In/Security: Galactagogue Study

A photographic critique by Suzanne Corum-Rich questioning the effectiveness of lactogenic foods if we don’t also address the root causes of disparities within the birth and family planning system. Having support in place can be the difference between being in security and experiencing insecurity.
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Galactagogue Study

After birthing her first child in 2021, Corum-Rich (she/they) had unanswered questions about her personal experience, which led to curiosity about others’ birthing and family planning stories. During a difficult first few months of bodyfeeding her baby (also referred to as chestfeeding or breastfeeding), she began trying to understand what truly aided in an abundant milk supply and sustainability. How were others able to choose bodyfeeding in a society that often does not lend itself to this possibility? After reading about galactagogues, she wondered how effective these items are if we do not also address society’s lack of basic human rights. Recognizing her limited perspective, she searched for education from a more diverse representation of authors and activists. With each image of a compromised galactagogue, Corum-Rich lists what the benefits of each lactogenic item could be if our system did not forget, compromise, or in some cases, intentionally harm our people. She asks us to imagine what it will take to have a flourishing ecosystem of aid in family planning.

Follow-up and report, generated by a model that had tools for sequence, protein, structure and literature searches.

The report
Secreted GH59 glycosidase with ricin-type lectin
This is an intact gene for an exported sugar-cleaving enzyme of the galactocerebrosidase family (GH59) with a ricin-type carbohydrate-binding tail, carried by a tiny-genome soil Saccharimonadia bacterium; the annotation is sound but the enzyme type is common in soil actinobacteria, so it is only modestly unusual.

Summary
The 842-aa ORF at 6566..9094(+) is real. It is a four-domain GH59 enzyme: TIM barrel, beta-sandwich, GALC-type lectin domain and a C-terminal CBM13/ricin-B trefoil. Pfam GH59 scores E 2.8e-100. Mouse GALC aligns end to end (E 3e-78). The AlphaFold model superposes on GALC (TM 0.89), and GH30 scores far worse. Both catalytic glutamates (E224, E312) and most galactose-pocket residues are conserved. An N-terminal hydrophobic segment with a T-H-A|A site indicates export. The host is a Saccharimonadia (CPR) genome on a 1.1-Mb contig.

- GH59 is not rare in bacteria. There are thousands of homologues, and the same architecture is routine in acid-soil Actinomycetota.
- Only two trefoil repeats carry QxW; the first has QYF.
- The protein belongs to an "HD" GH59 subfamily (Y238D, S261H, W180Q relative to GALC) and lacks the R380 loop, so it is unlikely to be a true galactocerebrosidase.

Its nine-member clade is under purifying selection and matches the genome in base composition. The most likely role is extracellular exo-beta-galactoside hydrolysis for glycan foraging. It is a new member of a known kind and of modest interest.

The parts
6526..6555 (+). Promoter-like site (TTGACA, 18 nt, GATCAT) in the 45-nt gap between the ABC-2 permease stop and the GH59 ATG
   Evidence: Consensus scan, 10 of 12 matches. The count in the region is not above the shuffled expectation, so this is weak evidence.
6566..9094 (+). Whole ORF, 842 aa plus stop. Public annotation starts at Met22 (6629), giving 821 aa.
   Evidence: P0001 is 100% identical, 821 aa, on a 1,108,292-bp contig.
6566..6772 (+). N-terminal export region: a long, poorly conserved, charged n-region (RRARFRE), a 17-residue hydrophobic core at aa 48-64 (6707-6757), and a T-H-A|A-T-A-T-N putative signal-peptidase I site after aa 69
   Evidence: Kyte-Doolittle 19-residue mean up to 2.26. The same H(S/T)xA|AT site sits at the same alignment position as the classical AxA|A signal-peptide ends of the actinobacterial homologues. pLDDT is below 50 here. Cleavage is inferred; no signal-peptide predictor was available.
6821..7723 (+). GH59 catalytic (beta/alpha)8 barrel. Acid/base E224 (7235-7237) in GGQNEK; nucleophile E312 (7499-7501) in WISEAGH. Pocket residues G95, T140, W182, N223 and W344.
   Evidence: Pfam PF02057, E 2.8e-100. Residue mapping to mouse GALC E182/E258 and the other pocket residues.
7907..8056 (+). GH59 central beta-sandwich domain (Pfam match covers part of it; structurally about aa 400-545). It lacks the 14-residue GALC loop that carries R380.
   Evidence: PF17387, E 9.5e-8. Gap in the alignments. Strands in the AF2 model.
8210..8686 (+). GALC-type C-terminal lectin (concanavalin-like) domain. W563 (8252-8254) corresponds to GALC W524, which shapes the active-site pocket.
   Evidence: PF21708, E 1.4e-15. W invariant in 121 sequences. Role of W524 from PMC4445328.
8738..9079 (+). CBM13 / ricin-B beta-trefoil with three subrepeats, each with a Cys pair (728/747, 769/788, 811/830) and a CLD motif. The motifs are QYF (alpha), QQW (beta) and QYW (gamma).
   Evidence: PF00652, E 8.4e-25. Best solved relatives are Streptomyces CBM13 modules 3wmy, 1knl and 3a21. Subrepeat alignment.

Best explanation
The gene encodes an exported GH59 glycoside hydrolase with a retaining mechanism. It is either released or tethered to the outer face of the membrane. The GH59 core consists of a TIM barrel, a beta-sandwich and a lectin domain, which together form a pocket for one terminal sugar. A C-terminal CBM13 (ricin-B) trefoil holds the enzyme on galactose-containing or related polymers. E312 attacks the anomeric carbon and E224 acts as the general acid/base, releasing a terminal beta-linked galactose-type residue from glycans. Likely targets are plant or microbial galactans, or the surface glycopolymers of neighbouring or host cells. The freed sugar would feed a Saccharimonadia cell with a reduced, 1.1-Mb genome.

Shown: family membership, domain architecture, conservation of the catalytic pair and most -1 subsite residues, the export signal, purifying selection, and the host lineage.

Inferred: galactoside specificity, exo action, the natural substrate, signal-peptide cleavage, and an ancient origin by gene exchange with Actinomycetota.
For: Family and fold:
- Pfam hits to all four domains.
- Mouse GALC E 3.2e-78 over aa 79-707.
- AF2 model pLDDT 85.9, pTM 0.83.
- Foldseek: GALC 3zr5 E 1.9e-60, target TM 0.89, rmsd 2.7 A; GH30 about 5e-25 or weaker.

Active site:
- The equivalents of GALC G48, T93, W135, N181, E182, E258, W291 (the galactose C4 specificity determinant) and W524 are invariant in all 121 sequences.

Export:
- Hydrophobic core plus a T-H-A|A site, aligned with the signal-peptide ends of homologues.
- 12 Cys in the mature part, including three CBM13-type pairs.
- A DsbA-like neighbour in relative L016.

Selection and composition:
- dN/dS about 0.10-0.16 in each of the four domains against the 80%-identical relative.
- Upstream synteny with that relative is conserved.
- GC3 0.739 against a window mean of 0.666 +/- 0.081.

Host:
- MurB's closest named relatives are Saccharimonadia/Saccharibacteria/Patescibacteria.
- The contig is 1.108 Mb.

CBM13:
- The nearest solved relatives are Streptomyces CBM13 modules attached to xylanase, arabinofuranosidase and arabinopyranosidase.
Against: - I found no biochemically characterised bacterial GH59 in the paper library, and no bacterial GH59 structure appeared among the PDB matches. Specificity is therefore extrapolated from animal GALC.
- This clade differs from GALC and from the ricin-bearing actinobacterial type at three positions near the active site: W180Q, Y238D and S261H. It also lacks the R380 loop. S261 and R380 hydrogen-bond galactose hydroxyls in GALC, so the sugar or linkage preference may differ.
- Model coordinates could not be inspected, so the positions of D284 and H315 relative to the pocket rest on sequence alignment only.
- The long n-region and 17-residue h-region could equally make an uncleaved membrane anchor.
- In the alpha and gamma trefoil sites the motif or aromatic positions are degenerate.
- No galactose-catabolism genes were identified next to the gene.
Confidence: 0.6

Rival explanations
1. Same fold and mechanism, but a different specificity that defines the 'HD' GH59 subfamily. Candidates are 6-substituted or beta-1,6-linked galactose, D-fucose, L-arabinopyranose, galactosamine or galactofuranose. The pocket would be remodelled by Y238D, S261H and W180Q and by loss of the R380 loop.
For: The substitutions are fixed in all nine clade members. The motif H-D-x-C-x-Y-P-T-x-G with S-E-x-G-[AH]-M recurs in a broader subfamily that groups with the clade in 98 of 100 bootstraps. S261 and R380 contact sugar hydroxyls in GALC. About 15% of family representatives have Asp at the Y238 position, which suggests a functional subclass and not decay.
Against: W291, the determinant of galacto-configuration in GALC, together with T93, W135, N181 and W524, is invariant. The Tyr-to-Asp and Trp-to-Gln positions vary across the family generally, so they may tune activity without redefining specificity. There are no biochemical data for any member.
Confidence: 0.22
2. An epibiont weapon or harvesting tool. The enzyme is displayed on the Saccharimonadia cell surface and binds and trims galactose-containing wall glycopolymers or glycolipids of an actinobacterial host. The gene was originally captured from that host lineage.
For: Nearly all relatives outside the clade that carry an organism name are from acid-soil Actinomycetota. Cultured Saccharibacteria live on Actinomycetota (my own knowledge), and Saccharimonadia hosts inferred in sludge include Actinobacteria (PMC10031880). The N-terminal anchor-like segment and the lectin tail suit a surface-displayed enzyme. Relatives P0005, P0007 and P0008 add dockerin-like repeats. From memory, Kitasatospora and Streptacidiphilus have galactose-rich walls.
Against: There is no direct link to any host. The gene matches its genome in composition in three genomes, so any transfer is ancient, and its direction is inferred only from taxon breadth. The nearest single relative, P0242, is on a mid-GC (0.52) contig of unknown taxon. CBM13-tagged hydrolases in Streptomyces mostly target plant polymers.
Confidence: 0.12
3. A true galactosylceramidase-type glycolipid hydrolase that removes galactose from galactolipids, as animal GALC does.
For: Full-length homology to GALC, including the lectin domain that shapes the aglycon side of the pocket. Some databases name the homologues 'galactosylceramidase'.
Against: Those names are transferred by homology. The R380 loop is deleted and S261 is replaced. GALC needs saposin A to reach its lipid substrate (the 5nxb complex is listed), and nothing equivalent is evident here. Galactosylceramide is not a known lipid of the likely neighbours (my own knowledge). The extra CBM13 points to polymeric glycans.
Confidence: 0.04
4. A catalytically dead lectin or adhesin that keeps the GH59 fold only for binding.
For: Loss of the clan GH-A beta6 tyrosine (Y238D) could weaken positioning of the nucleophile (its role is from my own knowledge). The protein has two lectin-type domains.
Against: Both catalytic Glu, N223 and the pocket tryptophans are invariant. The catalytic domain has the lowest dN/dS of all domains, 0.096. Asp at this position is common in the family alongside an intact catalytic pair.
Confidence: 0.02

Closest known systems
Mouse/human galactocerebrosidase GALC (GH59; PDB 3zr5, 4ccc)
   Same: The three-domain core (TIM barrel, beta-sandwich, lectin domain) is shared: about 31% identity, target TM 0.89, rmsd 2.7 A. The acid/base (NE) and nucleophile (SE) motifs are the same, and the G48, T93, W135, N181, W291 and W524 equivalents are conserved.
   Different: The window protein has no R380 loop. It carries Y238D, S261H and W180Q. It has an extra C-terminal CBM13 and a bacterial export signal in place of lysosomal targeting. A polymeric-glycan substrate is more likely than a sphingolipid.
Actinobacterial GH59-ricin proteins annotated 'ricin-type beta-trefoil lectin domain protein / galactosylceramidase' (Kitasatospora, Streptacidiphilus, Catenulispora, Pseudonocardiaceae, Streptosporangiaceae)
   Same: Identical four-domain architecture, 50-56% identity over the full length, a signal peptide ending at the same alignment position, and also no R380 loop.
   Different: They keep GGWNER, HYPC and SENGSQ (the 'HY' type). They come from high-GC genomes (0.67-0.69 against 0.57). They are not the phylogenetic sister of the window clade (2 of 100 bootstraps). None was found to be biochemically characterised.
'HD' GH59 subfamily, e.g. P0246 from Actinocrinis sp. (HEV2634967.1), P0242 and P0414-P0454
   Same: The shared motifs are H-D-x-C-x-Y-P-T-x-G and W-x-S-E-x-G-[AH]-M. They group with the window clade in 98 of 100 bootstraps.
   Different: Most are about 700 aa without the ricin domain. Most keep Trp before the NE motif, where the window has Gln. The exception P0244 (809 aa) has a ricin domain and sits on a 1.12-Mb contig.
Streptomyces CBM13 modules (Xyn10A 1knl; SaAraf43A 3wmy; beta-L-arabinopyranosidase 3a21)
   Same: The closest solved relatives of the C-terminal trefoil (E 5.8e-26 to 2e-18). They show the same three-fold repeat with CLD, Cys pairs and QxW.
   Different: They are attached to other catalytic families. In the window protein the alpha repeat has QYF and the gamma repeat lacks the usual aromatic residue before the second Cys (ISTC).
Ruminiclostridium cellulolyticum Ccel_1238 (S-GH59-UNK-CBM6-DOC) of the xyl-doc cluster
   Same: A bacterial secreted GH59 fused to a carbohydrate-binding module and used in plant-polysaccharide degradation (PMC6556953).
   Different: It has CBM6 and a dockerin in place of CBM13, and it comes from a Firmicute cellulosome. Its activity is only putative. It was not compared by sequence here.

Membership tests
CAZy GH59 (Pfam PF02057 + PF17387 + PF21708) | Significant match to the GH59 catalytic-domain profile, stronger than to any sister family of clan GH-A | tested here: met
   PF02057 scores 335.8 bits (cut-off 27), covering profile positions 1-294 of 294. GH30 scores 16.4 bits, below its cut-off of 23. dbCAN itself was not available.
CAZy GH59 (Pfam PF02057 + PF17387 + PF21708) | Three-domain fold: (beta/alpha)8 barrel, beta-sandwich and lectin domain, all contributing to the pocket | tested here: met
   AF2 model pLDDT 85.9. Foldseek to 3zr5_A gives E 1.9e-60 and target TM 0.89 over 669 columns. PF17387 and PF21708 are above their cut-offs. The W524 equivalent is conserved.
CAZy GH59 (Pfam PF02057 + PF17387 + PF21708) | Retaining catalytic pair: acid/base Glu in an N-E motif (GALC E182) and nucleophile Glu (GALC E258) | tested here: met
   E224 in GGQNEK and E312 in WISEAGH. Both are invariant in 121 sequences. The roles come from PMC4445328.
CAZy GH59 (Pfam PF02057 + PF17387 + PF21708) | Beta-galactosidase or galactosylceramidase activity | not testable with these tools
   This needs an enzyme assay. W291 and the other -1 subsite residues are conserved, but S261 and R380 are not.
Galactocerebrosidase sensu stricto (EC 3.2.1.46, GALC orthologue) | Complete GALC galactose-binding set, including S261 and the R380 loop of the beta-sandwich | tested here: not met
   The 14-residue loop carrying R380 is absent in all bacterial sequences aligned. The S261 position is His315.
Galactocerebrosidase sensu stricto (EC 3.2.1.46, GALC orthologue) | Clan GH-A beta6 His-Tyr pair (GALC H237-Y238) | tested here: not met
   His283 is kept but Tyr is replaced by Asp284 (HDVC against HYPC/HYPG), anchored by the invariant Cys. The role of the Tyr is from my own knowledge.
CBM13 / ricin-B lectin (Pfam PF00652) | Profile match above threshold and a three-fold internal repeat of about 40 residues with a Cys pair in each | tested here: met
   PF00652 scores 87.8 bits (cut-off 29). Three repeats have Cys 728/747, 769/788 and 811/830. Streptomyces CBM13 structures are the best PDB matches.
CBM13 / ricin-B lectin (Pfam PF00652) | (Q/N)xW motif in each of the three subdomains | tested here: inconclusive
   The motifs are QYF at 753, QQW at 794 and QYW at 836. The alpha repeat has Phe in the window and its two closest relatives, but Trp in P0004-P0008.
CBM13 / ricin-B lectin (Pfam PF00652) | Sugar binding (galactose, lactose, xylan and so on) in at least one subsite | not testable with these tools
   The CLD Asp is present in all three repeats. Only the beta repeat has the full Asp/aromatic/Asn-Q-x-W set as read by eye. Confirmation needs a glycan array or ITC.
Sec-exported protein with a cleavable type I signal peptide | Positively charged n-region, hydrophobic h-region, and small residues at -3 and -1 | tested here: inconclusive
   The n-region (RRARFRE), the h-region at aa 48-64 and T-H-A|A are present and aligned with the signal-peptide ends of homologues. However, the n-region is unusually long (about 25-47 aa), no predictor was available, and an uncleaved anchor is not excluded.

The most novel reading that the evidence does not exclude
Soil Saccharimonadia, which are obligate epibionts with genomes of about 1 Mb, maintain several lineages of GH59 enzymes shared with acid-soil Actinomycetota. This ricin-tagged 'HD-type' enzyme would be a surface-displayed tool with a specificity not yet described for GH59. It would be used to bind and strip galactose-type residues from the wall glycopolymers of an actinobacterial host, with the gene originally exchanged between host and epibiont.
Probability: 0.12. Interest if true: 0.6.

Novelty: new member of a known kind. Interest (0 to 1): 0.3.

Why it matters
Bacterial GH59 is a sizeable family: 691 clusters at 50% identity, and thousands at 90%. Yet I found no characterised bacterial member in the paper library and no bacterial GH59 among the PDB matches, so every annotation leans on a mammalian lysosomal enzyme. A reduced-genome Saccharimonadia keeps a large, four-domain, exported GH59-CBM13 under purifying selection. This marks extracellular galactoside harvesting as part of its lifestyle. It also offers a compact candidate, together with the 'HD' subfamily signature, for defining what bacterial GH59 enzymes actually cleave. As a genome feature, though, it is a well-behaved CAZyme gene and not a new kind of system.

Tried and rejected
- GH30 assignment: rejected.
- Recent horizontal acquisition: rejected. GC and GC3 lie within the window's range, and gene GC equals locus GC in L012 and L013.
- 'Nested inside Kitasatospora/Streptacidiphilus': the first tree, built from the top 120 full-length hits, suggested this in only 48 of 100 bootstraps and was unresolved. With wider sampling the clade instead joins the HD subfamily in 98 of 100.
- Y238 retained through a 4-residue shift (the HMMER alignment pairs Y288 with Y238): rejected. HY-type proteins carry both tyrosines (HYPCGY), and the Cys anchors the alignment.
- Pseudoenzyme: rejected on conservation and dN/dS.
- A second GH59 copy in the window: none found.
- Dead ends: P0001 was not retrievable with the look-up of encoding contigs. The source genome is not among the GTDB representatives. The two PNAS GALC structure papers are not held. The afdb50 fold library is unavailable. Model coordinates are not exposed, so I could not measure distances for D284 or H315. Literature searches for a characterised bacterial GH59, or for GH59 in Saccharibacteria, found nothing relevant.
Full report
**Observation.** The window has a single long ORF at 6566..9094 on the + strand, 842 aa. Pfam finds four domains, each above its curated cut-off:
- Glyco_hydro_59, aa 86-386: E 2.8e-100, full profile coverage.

Meet the Artist


Suzanne Corum-Rich (she/they) has used the storytelling medium of photography since she was a child to document, adapt, and evolve within her ever-changing surroundings and lifestyle as a way to connect to community, check in with her mental well-being, and push back on social norms and systemic injustices.

After carrying, birthing, and caring for their first born in the summer of 2021, Corum-Rich has used her photographic studies to process this tremendous life change along with societal expectations and lack of parental support our country provides. Now, due with their second child in December of 2023, she’ll be focusing on a cyanotype study that observes the overlap of self and child,  processing what it means to continually find and anchor yourself while inevitably fusing with an extension of oneself.

Photo Gallery:

Print Shop:


 Suzanne has provided a list of resources and contributors that informed this project here. Anyone interested in peeking behind the scenes at the materials that inspired the artist will enjoy the information provided.